As Bollywood finds its voice of dissent, it is the film industry's leading women who are amplifying it. Be it an Alia Bhatt and Deepika Padukone who have lent their considerable on-screen clout to the protest or actors such as Richa Chadha, Tapsee Pannu, Swara Bhaskar, Konkona Sen Sharma who have been posting protest timings, posters and retweeting every bit of news emerging from across the country. Chadha wrote, “If it were possible to change thoughts by breaking skulls, there’d be no need for propaganda.” Zoya Akhtar has been at the rallies held in Mumbai and is exhorting others to lend their voices in support.
Twinkle Khanna, whose husband Akshay Kumar is being trolled for not saying anything against the violence against students, tweeted, “India, where cows seem to receive more protection than students, is also a country that now refuses to be cowed down...” Women protesting, through their words, by standing up to cops or singing fearlessly and sitting out all night in the cold are images that have come to define the entire movement.
One of the early protest images against the CAA came from Guwahati, of women holding up flaming torches to mark their dissent. Since then there have been many such pictures that tell poignant stories, of women framing the courage shown by students across campuses.
Take the two students at Jamia Millia Islamia University, Ladeeda Farzana and Aysha Renna, protecting their male friend from Delhi police or the JNU students’ union president Aishe Ghosh speaking to crowds with a bandaged head. The large group of elderly women sitting at Delhi’s Shaheen Bagh and burkha-clad women marching down the streets of Malegaon, near Mumbai-these are all indelible and inexhaustible charge points in the memory banks of the protest.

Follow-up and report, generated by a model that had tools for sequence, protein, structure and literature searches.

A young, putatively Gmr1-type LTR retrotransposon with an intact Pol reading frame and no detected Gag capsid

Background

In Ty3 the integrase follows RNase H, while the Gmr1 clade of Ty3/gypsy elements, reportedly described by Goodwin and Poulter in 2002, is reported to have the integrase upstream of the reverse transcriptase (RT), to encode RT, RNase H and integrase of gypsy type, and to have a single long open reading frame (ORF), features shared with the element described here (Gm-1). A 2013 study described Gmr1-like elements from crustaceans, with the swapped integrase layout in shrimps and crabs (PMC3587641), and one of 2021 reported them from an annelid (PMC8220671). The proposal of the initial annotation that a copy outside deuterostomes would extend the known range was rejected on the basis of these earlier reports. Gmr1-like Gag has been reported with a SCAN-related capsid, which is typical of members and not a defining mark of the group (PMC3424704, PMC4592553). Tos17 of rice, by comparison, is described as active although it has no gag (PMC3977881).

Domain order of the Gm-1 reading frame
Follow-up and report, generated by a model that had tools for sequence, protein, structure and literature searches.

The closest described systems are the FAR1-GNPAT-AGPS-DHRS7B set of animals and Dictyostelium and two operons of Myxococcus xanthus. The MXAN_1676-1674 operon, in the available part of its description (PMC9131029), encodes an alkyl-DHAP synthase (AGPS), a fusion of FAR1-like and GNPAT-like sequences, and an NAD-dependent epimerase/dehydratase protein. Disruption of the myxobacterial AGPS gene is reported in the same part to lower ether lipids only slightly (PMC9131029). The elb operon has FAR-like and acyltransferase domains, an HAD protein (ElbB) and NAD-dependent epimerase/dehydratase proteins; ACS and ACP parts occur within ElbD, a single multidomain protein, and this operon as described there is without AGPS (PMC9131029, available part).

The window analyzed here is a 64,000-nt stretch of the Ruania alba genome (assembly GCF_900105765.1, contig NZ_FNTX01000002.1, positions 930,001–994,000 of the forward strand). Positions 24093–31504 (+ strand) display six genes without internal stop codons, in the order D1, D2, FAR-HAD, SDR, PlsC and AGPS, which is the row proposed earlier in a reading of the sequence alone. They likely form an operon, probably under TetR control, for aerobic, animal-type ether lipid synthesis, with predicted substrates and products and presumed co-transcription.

Women’s participation must not be seen as something new or unusual, however. In Manipur women have been leading the protests against atrocities inflicted upon the state by the State. According to an essay by Mandakranta Bose, (Faces of the feminine in ancient, medieval, and modern India), Professor Emerita and Director of the Centre for India and South Asia Research at the University of British Columbia, Vancouver, “A vital part of the history of women in India is that, denied the authority of public presence, they nonetheless left their mark, sometimes faint but often strong, in the form of poetry.” Make that art too, as Chennai’s now famous kollam (rangoli) protests showed, where women (and men) used an age-old form of ritual art to dock their dissent.